Monday, May 14, 2012

That Awkward Moment

My kids are really into Tumblr ... and their favorite thing to do is to read those posters that start "...that awkward moment when..."  I hear peals of giggles coming from them as they identify with commonly shared embarrassing experiences.  I've seen them spend an hour reading nothing but the awkward moment posters. 

The last little while I've been struggling with (albeit a mild version of) depression.  As word gets around my work place, or in my church, or among my friends, that I have been finding life a little overwhelming these days - I've noticed a change.  Not only in my own feelings, my energy level, and my motivation level - but also in the attitudes of others as they interact (or don't interact, which is more often the case) with me. It's kind of intriguing in a way.  

Perhaps people just don't want to run the risk that I will bleed all over them, so they avoid asking me how I am.  I understand that.  Perhaps they think that them talking to me will somehow add to my stress.  Maybe they're just uncomfortable with anyone who's in pain; it doesn't agree with their theology or their life philosophy. Maybe they are judging me.  After all, I've preached freedom from the chains of the past and living one day at a time.  And now this??   

Whatever the reason, there's a part of me that sits back and finds all this almost clinically peculiar.  I've spoken to one person who has suffered from depression for many years and it appears that this kind of reaction is not unique to my situation.  Hm.  Of course I wouldn't want people to fawn all over me and pity me. That is absolutely disgusting; it makes me cringe.

But there's another part of me crying out to be acknowledged, to know that I matter, to feel that nothing has changed in how they see me - in spite of what my eyes tell me.  Some people won't meet my gaze; they avert their eyes when they cross paths with me.  Their discomfort is palpable.  Others who used to approach me and chat, no longer do so.  If I want interaction, I have to go looking for it. I see the sidelong glances of people passing by as I chat with someone I've gone to see; I have to force myself not to wonder what they are thinking. The sense of isolation is very real.  

A rare few do brave the possibility of hearing "bad news" ... and stay in touch.  I am grateful for them and I try not to go into much detail when they ask me how I am.  I've taken to saying, (IF they ask me and IF they stay to hear the answer) "Taking one day at a time."  If they press: "I have good days and bad days.  Today is one of the ___ days." (insert adjective).  Otherwise I say, "Okay," or (if I know they won't bother to stop and talk), "Vertical." Most times I avert my eyes from them, too - preferring to alleviate their discomfort rather than my own.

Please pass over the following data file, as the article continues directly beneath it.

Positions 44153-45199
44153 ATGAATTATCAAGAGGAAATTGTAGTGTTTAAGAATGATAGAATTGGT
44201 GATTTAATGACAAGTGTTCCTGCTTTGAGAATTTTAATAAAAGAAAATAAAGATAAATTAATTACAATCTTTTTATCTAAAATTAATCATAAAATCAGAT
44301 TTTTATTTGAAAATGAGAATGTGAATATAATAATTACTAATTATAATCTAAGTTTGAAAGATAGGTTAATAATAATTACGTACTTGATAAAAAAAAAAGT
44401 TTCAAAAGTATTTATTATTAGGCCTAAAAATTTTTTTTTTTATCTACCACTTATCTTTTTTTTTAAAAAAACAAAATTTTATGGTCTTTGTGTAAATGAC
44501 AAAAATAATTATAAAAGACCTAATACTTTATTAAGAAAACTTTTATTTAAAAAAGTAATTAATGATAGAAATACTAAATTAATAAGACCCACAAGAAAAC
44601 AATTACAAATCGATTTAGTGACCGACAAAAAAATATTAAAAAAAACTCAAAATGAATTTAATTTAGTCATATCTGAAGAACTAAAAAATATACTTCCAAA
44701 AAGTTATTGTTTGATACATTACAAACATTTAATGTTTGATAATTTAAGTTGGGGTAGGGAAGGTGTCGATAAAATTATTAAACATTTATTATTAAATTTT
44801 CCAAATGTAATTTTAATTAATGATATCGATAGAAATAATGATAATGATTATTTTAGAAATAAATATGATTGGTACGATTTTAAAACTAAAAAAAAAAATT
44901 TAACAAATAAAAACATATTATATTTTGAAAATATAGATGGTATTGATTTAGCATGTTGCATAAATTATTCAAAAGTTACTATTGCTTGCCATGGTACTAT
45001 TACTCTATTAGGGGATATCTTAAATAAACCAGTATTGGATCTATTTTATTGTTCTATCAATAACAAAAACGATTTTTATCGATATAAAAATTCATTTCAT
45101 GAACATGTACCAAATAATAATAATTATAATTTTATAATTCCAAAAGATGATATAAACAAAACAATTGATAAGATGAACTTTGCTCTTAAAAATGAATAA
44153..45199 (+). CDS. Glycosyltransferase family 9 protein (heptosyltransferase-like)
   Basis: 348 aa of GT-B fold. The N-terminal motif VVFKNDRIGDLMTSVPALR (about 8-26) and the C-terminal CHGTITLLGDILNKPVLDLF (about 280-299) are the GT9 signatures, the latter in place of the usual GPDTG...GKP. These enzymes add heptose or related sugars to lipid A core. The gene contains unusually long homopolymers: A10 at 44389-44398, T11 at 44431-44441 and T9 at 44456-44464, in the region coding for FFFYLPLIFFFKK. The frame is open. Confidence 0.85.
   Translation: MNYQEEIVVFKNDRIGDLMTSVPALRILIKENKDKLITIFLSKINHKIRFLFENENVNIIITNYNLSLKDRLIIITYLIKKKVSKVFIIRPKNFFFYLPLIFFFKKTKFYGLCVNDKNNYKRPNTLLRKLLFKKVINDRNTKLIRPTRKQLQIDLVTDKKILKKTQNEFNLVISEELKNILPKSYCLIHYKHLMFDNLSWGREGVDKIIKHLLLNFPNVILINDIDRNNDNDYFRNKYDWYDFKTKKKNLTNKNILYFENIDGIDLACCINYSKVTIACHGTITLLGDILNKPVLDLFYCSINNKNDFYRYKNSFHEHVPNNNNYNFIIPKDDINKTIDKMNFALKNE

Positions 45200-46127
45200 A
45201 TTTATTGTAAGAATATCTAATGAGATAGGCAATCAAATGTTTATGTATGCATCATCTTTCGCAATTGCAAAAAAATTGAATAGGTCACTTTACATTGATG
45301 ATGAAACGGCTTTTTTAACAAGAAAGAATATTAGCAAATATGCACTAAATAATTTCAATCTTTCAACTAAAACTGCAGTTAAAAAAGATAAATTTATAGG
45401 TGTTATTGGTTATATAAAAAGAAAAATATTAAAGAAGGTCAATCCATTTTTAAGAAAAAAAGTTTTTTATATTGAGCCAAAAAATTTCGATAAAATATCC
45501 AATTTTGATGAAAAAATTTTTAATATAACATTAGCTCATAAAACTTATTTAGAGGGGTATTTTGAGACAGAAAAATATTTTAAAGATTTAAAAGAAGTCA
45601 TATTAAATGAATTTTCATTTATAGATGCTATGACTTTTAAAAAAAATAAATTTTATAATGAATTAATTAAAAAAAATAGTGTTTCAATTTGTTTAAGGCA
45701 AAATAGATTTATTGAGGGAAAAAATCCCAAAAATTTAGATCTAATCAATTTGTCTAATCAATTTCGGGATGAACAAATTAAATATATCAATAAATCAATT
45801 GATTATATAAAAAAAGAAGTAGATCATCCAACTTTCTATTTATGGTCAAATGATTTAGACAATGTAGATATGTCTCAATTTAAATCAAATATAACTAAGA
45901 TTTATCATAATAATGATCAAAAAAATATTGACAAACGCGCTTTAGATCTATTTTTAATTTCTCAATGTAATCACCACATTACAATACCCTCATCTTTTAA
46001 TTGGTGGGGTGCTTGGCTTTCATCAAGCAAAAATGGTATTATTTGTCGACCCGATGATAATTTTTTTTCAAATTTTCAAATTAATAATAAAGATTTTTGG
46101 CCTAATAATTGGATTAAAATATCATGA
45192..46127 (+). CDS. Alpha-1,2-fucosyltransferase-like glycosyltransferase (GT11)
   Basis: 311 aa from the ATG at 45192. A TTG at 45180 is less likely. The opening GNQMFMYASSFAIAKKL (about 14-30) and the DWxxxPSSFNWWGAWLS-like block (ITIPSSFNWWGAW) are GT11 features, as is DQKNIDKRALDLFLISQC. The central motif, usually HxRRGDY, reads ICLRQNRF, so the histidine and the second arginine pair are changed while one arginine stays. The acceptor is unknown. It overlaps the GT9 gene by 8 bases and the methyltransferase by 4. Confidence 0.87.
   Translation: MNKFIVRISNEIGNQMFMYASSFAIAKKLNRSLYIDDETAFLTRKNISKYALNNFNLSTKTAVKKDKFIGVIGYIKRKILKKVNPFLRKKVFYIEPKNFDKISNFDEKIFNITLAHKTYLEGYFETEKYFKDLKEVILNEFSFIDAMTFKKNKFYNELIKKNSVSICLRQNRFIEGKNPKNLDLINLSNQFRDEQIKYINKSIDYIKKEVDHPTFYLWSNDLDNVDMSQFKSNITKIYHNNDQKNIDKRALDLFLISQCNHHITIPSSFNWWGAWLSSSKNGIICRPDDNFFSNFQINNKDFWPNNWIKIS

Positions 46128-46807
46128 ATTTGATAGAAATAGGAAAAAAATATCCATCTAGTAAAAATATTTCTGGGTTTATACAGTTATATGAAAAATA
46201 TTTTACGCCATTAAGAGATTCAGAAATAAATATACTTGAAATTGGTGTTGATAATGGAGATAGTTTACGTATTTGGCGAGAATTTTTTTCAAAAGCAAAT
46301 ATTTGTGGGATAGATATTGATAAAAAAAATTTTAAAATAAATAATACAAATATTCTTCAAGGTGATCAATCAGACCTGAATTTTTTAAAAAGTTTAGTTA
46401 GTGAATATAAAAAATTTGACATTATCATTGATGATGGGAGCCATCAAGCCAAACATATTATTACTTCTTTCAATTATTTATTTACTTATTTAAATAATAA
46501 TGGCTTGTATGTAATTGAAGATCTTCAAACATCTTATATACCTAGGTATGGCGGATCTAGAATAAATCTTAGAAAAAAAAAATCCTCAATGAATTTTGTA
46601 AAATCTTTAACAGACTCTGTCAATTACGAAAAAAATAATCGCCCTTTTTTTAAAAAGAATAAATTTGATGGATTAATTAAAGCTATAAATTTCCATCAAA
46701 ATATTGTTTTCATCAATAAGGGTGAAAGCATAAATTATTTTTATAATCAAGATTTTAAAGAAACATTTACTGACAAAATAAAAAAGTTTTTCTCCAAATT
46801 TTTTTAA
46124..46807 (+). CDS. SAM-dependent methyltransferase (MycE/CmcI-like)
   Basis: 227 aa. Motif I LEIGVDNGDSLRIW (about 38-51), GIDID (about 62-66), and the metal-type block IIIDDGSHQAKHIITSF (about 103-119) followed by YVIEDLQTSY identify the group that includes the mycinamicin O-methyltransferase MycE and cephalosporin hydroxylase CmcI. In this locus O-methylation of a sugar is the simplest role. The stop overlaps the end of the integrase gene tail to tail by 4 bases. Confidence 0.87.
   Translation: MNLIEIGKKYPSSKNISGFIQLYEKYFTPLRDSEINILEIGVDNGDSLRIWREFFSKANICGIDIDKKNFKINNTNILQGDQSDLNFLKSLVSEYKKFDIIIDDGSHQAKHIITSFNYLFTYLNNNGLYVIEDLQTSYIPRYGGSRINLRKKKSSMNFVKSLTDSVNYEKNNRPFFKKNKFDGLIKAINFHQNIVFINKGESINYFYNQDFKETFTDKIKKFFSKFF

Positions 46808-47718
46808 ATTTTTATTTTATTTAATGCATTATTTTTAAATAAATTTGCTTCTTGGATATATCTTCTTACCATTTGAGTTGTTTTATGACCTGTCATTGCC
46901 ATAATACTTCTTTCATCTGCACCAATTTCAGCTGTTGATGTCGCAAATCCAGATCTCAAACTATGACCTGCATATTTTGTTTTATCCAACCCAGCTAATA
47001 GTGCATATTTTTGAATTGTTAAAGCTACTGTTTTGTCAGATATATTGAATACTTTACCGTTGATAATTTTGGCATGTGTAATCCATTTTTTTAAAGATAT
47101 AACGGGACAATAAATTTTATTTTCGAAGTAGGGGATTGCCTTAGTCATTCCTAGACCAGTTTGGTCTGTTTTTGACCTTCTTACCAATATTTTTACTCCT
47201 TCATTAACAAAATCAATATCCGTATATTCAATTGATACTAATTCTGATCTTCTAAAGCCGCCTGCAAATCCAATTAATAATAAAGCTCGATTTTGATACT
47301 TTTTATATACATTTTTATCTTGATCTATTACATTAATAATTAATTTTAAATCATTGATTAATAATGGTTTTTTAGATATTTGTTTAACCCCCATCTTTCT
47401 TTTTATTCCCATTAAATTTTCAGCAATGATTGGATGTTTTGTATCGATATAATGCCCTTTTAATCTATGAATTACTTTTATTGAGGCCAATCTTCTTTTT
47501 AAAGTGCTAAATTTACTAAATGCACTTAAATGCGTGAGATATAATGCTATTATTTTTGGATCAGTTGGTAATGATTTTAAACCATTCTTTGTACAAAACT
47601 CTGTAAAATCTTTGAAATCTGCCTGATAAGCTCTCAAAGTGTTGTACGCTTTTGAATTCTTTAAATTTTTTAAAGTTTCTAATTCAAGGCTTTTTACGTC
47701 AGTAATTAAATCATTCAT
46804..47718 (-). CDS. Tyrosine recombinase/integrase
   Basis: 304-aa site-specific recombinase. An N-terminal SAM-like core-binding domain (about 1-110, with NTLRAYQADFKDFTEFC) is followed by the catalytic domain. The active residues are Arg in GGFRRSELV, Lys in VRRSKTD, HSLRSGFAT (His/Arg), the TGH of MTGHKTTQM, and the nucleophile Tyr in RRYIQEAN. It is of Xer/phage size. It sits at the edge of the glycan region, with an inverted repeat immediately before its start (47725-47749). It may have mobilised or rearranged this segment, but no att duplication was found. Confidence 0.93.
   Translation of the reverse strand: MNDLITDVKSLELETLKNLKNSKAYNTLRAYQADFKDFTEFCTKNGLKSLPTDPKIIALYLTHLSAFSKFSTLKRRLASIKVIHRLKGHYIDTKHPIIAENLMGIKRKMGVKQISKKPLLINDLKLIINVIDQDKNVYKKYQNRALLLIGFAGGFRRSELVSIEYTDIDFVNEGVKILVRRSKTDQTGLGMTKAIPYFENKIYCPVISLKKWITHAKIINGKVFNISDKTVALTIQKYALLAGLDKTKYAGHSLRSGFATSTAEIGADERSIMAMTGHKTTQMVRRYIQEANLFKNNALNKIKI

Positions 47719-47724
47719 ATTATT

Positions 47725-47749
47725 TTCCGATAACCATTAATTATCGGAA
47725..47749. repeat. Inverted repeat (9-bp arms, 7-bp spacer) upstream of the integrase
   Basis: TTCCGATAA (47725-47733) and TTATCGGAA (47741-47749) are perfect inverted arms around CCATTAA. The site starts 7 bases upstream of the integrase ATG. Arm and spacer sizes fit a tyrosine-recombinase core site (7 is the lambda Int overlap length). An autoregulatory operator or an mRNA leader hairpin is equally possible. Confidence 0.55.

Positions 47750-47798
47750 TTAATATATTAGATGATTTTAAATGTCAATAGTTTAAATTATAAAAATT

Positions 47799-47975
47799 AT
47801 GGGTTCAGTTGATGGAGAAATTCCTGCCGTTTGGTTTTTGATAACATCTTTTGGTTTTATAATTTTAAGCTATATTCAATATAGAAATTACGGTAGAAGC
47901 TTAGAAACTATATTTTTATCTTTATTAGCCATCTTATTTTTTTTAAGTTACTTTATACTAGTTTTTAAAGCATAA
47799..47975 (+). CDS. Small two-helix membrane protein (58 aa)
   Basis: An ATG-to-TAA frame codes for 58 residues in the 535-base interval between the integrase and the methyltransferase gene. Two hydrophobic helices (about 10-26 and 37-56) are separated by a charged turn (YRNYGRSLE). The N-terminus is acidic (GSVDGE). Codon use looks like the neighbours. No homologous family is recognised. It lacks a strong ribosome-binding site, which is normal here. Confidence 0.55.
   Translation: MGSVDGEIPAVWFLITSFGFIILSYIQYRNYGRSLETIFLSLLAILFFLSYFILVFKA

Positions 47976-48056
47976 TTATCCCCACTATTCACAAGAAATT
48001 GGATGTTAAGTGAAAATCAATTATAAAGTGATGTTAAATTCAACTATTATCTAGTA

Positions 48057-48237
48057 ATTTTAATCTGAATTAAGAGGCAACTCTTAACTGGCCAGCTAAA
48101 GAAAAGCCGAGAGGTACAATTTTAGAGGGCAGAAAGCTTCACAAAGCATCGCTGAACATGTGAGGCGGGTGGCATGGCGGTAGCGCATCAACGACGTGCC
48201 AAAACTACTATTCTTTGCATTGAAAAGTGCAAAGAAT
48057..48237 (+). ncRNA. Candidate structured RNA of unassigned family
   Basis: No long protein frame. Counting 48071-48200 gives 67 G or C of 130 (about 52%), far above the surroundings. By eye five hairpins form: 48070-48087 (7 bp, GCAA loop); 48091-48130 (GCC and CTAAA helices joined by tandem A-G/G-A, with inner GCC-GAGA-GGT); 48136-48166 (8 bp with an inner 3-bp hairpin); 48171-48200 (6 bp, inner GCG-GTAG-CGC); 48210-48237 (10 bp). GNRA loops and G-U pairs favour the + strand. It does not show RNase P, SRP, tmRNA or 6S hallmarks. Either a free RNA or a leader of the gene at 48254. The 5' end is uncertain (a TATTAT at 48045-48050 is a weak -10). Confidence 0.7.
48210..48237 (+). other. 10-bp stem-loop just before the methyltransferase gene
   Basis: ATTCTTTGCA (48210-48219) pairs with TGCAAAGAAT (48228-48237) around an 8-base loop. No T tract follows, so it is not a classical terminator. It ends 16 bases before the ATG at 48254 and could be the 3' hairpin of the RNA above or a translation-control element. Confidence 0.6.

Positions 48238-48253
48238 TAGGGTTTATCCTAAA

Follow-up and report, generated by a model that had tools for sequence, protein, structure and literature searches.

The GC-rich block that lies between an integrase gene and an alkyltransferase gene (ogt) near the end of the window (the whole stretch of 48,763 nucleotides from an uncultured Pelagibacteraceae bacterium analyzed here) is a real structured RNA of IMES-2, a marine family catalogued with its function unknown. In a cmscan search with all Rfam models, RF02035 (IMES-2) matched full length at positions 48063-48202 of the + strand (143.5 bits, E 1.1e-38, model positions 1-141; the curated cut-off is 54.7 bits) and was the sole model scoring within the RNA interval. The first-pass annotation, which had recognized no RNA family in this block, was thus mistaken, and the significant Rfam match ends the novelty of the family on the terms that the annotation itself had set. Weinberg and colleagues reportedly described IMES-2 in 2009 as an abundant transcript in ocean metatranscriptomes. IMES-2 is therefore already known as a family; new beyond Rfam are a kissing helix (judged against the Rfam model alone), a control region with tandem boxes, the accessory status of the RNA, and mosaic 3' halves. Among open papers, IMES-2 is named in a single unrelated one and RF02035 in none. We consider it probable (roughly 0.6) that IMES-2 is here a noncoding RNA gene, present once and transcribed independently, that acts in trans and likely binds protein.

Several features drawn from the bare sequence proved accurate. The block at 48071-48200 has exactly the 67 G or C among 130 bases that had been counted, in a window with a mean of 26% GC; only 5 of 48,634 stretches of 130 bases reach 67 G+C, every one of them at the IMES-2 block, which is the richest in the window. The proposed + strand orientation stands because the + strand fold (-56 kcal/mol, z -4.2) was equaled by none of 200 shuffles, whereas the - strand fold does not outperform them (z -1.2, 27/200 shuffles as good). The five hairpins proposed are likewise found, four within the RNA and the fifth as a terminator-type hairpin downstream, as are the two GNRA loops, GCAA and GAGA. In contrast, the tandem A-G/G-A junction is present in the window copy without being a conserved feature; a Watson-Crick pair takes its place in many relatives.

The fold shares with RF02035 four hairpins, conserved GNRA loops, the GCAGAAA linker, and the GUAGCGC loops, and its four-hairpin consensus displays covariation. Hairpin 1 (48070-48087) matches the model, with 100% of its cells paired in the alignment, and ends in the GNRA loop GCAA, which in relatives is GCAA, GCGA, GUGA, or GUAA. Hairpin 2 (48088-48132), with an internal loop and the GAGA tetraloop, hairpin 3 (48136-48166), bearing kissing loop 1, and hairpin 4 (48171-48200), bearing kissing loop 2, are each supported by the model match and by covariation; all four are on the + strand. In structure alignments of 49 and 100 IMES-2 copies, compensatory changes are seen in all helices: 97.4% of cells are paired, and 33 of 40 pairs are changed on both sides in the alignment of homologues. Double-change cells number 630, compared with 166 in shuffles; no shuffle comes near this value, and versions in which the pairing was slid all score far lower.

I wonder to myself if that's always been my problem.  Disappear.  Don't let the grownups see you.  I find it easier to try to analyze myself as if I was someone else.  It beats feeling some pretty unpleasant feelings.  Yet I know that I need to acknowledge those things and bring them out to the surface so they can be dealt with.  

My mental cogs chug away, on and on, endlessly, while I go about my daily routine, trying desperately to keep me on target without losing myself in the stories I must read to do my work.  Produce the next widget. Write it down, let them know I produced a widget.  Stay under the radar. Play it safe. Don't think of the widgets as real people with real lives, try not to let their stories move me...and die a little more inside every time I write down a number like it was just one more piece of meaningless data. Come home.  Eat.  Avoid making decisions; even "What's for dinner?" Vegetate in front of the TV or my computer. If I have a choice to go somewhere or not to go there, I don't go - tired of the judgment, weary of the well-meaning advice given by folks who want to fix it with trite slogans or pat answers. All I need is the inner assurance that they haven't abandoned me - which is all too rare; the down side is that I do end up isolating myself and not giving those who might show their support the chance to do so. 

But these folks are the exceptions - and they usually find a way to express their love, and they don't mind if I shed a few tears when they are so kind to me.  I wish - wistfully - that the other people would quit smothering me with platitudes or their own solutions ... or stories of what happened to Uncle Fred (theme: it could be worse) or how their Aunt Mary got help. It's not any other human being's job to fix me or snap me out of it.  That's God's job.  

This is my journey; nobody can walk it but me, as difficult as that is for some people to accept. (It's difficult for ME to accept too!) To those brave souls that continue share their presence and their love with me - without offering their opinions or judgment - I give in return all I am able to offer:  my profound gratitude.

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